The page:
Customer Service

I was doing the trip to Sydney a short while ago, and as I do, I was listening to the local radio station on hold with Telstra trying to reach someone to resolve an issue with his internet connection.

From his description, sounds like it was a bad username or the modem was faulty, however, he clearly didn’t know exactly what was wrong, and claims to have waited 20 minutes on hold for Telstra, and then again another 20 minutes.

This was OK, I thought, because I’ve seen 30, 40 minutes, and when I was a customer of Netspace, I was on hold for 45 minutes each time (they really were just that annoying). But the radio presenter went on to say, he’ll call them live and if Telstra didn’t answer in 5 minutes, he’d end his contract with them.

Sure enough, many songs later, 15 minutes, the Rep answered, and he advised he would be cancelling the account. The rep, probably in Telstra’s new Malaysia centre, clearly didn’t careĀ  about the loss of a customer, he was more likely happy he didn’t have another idiot on the line to assist.

That lead me thinking, what exactly makes for good customer service? Then I began to think about a previous job, where I thought we provided excellent customer service, and the feedback from customers seemed to back this up. What is different?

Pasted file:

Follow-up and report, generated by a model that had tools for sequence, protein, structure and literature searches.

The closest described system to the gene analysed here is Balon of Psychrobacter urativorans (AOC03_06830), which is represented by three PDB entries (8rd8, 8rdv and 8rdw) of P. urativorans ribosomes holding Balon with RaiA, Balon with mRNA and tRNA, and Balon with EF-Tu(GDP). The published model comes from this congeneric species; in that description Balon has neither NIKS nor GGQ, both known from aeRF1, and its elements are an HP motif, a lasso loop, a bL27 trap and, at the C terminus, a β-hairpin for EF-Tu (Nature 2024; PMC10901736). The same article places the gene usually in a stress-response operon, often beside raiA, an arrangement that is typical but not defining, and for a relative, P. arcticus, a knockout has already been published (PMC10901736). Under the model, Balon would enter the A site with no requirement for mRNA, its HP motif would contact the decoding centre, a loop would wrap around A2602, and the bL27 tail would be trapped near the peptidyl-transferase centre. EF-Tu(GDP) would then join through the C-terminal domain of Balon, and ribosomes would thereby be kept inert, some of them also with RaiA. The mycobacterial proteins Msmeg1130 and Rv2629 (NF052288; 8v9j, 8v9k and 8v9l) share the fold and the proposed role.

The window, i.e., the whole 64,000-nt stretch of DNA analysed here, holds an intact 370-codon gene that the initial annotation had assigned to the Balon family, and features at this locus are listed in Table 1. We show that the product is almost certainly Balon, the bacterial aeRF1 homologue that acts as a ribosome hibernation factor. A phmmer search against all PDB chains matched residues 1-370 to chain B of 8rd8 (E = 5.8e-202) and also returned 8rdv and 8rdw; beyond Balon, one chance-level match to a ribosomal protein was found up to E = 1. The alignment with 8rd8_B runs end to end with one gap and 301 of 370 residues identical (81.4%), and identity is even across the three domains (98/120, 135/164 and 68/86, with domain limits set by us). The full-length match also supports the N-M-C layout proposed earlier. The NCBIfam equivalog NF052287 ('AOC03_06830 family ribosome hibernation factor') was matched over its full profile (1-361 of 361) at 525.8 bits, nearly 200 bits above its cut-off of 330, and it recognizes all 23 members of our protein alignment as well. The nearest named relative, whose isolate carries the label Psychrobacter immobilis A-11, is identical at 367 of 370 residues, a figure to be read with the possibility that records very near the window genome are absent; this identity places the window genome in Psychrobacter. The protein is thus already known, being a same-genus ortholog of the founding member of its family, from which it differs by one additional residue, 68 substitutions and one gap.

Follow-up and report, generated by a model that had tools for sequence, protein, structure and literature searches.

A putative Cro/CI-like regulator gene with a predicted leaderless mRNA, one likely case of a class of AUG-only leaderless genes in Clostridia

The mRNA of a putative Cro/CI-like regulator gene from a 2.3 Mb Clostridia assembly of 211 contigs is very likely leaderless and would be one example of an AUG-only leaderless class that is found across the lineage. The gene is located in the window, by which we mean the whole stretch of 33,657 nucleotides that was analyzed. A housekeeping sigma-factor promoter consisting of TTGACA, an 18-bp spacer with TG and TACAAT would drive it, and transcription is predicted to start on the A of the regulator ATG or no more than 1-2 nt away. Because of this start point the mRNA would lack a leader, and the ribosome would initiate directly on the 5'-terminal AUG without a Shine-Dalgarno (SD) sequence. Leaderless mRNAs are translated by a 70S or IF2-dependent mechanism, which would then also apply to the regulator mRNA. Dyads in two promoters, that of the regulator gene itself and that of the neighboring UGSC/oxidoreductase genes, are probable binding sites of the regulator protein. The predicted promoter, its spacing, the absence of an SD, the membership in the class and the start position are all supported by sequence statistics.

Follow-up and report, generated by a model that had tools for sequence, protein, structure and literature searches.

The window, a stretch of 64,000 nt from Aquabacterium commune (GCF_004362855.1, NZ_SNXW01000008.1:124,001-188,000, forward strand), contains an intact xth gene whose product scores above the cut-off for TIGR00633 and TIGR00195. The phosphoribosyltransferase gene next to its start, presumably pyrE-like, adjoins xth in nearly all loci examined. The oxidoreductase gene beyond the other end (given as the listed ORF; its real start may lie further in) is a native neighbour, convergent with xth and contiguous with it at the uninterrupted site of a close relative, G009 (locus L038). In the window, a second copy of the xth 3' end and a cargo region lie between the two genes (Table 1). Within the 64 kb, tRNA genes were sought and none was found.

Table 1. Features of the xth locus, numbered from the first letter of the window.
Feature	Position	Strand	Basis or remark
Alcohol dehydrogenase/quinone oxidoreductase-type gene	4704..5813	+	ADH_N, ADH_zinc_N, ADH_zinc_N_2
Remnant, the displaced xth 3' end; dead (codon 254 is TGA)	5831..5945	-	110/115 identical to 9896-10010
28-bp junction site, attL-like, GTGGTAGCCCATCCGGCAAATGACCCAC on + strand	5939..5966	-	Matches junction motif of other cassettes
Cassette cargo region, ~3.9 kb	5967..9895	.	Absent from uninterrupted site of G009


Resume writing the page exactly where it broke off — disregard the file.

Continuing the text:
– Getting through to a person, not a machine – people hate that, of course, in larger business it’s understood it’s there to route calls, so people might tolerate it.
– Hold times, when they call, they don’t want to be kept waiting, they want their enquiry sorted, so they can get back to whatever it is they do best.
– First point resolution. Not everything can be resolved ‘on the spot’, some things are complex, but for the predominant amount of enquiries, a resolution should be put forward, and acted upon.
– Escalation. Where something can’t be fixed on the spot, adequate escalation processes need to exist, so those who can fix it, will.

And, then I thought about how the company I work for currently does things, they’ve improved drastically over the last year, yet each time we get more staff in, old and new staff seem to lose all concept of how to solve an issue.

The process could be totally torn down, and revamped with the emphasis on first point resolution, issues are taken care of as soon as possible, where something is better dealt with via email, it is, and where something is simple for a phone call, or an issue where phone is the only option, it is.

Complaints are averted, you get the customer at the lower part of their anger, and so they are relaxed, ready to accept any resolution put forward that is reasonable, and where you avert the costly complaints, you generally have a better experience to offer the customer.

This week, I’ve been really successful at resolving some issues that seemed like they were going to result in the worst case scenarios. The suppliers are very helpful (except one), and the customers are ending up happy with the outcomes.

The problem remains though, how do we get the issue from the first point of contact (i.e. a phone call), escalated correctly to the right people, and resolved? The process just doesn’t seem quiet there..

This entry was posted in Random. Bookmark the permalink.

Leave a Reply

Your email address will not be published. Required fields are marked *